“Constant nausea to the point where I was actually sick in my car at the petrol station!”

“I get a burning feeling in my chest and my chest goes really red and blotchy and makes me feel like I can’t breathe. Also I feel like I wee all the time when my anxiety is bad but I think that’s because it get’s me out of situations that makes me anxious. And I get really bad panic attacks”

“I find that when I’m going through a particularly stressful time I struggle go for a number 2, if you know what I mean, but I wee loads!”

“Dramatic weight loss due to being too anxious to eat”

“At parties I get very anxious around people, I get sweaty palms, my heart rate rises, people think I’m being shy/funny with them but I’m not. Certain situations cause my chest to go tight, palms sweat and heart rate rises a lot”

When I’m anxious I feel hot and bothered like I can’t breathe and want to leave any situation I’m in immediately, I also struggle to sleep well”

<3 I also asked these people how they overcome these physical symptoms caused by their anxiety.

“I find breathing exercises and apps such as Calm and Headspace are really helpful”

“It sounds daft but I play Word Association in my head or with my boyfriend if I’m with him as it takes my mind off things and calms me down” 

“I like to spend time with my family or my friends or even my dog! Just as long as I’m not alone”

“When I’m anxious I go for a walk or even a run if I’m feeling up to it as I always have so much excess energy in my body that makes me feel agitated and restless, any form of exercise really helps me and it gets me out the house”

“I always have water with me because it makes me feel more calm taking a sip of that”

“I like to talk about it to someone. I’m a strong believer in a problem shared is a problem halved, my friends are probably bored of me talking their heads off when I feel panicky but it helps me and they’re so supportive”

“I try to rationally think through things making me anxious, like if I’m anxious about something happening I list all the reasons why it’s unlikely to happen or the things that I could do to deal with it if it does happen! Distracting myself with something is also good like baking or drawing! Sometimes I just have to ride it out and hope I feel better the next day”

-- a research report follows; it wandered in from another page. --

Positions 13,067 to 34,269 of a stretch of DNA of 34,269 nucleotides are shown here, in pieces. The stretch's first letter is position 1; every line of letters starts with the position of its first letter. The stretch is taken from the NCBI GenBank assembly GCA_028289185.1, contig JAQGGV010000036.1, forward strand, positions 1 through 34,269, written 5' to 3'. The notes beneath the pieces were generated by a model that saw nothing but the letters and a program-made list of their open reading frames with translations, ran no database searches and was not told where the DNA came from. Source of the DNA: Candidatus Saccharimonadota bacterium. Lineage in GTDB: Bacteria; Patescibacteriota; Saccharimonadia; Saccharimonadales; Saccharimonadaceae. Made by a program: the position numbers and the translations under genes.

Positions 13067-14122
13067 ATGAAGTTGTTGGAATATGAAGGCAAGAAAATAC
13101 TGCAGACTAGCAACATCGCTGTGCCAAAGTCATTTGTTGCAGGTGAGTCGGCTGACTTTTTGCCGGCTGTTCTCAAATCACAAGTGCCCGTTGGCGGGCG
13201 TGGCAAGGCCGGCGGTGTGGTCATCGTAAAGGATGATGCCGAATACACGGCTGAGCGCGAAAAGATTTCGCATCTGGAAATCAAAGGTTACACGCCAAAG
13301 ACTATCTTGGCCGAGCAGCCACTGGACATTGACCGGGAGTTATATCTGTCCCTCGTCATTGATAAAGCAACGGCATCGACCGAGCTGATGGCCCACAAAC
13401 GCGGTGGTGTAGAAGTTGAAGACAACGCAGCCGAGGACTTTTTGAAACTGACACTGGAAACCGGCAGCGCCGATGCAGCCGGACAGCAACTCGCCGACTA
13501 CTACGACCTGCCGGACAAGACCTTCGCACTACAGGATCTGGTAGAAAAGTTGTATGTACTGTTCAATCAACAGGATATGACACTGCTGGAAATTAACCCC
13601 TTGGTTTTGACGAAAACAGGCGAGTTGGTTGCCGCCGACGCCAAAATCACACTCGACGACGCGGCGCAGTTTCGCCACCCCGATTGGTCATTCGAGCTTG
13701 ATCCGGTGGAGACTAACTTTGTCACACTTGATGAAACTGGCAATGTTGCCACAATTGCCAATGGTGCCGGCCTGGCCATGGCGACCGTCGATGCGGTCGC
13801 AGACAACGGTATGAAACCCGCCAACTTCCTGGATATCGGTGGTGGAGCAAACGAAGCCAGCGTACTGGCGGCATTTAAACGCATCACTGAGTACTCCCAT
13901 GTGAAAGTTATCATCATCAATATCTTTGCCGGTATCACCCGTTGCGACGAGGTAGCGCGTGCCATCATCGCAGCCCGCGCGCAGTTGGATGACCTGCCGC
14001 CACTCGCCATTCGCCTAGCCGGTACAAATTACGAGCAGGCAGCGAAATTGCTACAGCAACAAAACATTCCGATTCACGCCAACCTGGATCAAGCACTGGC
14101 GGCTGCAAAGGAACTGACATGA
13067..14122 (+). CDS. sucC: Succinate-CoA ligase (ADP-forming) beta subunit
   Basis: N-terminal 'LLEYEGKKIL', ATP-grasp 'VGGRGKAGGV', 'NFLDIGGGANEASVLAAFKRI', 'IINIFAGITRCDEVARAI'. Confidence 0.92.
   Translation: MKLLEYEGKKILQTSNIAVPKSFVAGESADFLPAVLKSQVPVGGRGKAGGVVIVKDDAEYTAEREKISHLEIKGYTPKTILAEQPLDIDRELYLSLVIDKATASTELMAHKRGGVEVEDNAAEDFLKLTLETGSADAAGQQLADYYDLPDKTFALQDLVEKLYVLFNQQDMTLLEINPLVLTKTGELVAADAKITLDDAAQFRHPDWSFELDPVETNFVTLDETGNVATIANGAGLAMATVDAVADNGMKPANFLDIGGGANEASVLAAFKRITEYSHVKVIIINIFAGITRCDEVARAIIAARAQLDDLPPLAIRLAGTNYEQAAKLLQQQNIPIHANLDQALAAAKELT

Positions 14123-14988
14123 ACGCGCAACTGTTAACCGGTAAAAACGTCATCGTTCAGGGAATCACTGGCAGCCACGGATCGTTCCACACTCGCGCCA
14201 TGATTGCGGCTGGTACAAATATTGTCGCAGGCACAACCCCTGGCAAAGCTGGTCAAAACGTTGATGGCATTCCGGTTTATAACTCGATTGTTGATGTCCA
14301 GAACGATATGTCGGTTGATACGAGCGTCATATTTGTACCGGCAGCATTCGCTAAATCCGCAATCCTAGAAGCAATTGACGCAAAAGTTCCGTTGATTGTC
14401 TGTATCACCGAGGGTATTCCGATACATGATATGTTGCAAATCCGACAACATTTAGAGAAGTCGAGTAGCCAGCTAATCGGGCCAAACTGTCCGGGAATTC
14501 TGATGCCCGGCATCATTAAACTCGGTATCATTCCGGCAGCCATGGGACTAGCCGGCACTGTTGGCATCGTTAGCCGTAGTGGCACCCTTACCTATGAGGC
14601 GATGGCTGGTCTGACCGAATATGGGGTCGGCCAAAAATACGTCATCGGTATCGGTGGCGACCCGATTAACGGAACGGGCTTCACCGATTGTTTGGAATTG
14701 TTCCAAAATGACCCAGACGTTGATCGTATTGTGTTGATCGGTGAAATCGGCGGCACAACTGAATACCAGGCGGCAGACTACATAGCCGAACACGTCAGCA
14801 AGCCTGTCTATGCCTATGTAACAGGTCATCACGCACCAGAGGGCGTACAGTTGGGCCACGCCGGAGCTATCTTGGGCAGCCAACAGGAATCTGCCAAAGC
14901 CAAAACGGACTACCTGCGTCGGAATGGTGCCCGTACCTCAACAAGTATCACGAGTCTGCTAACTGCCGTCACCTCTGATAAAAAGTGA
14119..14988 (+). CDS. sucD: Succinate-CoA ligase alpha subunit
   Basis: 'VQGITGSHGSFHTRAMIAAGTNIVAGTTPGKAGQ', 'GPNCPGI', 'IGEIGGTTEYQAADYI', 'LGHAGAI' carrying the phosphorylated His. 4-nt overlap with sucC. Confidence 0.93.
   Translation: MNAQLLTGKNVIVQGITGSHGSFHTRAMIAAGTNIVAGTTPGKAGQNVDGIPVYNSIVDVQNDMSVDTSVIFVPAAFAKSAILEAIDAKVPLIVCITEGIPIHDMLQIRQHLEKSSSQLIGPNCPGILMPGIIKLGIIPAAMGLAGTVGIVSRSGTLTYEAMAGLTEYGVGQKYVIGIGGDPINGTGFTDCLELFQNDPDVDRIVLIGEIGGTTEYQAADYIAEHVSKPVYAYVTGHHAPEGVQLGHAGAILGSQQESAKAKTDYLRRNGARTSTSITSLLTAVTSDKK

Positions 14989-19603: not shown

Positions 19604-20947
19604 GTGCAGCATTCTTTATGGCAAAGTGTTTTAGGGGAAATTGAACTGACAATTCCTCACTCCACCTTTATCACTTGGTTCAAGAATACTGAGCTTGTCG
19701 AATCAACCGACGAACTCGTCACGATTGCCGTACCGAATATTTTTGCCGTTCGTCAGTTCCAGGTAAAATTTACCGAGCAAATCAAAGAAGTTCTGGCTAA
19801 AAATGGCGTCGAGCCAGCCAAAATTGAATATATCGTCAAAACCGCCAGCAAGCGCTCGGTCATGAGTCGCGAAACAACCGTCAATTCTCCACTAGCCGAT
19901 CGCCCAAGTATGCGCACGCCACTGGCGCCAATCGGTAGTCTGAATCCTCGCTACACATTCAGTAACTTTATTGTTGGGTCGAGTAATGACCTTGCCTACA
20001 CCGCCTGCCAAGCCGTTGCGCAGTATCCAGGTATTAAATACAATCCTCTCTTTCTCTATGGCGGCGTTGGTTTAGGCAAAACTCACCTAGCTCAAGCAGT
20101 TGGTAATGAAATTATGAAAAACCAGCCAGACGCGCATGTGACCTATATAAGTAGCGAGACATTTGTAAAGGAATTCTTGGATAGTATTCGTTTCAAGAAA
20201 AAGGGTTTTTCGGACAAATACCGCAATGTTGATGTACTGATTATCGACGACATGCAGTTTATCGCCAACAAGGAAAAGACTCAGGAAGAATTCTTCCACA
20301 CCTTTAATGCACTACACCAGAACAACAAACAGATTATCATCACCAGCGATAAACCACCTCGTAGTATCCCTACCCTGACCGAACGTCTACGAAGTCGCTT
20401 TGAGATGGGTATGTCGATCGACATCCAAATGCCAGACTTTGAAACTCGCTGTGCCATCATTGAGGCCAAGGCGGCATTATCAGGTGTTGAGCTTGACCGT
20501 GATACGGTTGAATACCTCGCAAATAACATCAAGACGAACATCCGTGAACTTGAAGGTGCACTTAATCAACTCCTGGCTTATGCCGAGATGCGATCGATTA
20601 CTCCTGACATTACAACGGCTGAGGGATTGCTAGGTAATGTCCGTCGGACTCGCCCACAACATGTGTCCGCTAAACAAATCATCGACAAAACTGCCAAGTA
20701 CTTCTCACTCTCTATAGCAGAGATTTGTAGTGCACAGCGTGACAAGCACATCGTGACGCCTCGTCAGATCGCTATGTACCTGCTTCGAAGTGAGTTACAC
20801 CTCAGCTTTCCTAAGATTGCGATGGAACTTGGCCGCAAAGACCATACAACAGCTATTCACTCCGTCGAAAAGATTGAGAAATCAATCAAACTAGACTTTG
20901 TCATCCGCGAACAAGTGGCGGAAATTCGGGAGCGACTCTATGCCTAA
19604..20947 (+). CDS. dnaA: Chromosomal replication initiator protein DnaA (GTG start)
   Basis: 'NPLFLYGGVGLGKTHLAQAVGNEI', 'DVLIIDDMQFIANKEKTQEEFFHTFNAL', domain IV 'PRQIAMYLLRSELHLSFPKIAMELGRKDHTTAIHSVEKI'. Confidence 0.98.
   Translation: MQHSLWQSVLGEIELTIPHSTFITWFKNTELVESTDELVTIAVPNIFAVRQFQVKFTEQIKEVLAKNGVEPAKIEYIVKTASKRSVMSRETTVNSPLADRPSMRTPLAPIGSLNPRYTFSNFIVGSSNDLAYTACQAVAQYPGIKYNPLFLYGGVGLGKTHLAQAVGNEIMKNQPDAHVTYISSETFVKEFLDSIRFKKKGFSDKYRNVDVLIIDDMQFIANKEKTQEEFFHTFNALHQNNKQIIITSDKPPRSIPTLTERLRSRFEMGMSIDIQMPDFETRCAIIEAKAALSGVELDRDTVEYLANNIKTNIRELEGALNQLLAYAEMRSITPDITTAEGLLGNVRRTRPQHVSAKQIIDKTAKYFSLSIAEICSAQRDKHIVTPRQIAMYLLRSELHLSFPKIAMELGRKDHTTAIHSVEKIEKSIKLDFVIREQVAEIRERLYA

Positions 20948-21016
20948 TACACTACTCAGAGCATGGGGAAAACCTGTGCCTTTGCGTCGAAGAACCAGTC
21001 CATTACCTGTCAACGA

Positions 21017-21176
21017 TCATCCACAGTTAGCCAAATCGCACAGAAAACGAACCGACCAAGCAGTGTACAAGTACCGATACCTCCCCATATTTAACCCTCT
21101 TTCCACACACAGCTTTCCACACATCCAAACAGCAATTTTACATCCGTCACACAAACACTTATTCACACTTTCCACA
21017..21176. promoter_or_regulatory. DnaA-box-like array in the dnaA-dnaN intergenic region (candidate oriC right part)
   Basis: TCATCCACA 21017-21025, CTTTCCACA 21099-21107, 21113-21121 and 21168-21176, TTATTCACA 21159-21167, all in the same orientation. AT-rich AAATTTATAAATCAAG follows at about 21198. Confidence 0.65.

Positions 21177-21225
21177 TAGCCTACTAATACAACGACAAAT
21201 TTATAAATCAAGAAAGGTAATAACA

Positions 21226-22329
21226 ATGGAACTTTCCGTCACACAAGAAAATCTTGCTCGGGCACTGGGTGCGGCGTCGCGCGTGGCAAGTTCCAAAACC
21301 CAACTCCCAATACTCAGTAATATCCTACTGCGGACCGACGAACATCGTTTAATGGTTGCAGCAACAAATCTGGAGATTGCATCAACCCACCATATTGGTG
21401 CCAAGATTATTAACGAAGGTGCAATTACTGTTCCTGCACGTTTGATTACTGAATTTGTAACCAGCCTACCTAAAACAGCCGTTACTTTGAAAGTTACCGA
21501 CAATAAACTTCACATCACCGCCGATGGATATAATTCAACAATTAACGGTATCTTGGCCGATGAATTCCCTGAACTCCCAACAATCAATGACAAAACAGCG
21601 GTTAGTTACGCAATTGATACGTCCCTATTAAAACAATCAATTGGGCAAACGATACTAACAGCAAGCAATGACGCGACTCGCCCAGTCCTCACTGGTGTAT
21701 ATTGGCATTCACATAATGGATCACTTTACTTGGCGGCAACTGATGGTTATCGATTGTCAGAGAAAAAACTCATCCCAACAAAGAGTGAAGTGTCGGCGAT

When I feel panicky/anxious I like to go for a walk outside, it can be good to help regulate your breathing and clear your mind. I also like to watch TV programmes/films that I find comforting, as I’ve said before a few of these for me are Friends, The Holiday, Angus Thongs and Perfect Snogging, Gavin & Stacey and Elf (all year round of course) you know those films/shows that make you feel all warm inside and you could watch over and over and over and over again? Spending time with people can help too, I prefer not to be alone when I’m having one of those days, even if you don’t want to talk about how you feel just being in someone else’s company can totally take your mind off the way you were feeling.


If you’re struggling with anxiety or any other mental health issue then there is no better time than the present to speak to someone about it. No matter how alone you think you are in this there are so many people who will be feeling the same way you are and by opening up and talking about your struggles we are taking away the stigma surrounding mental health more and more every single day.

“Everyone you meet is fighting a battle you know nothing about, be kind, always”

Thanks for reading,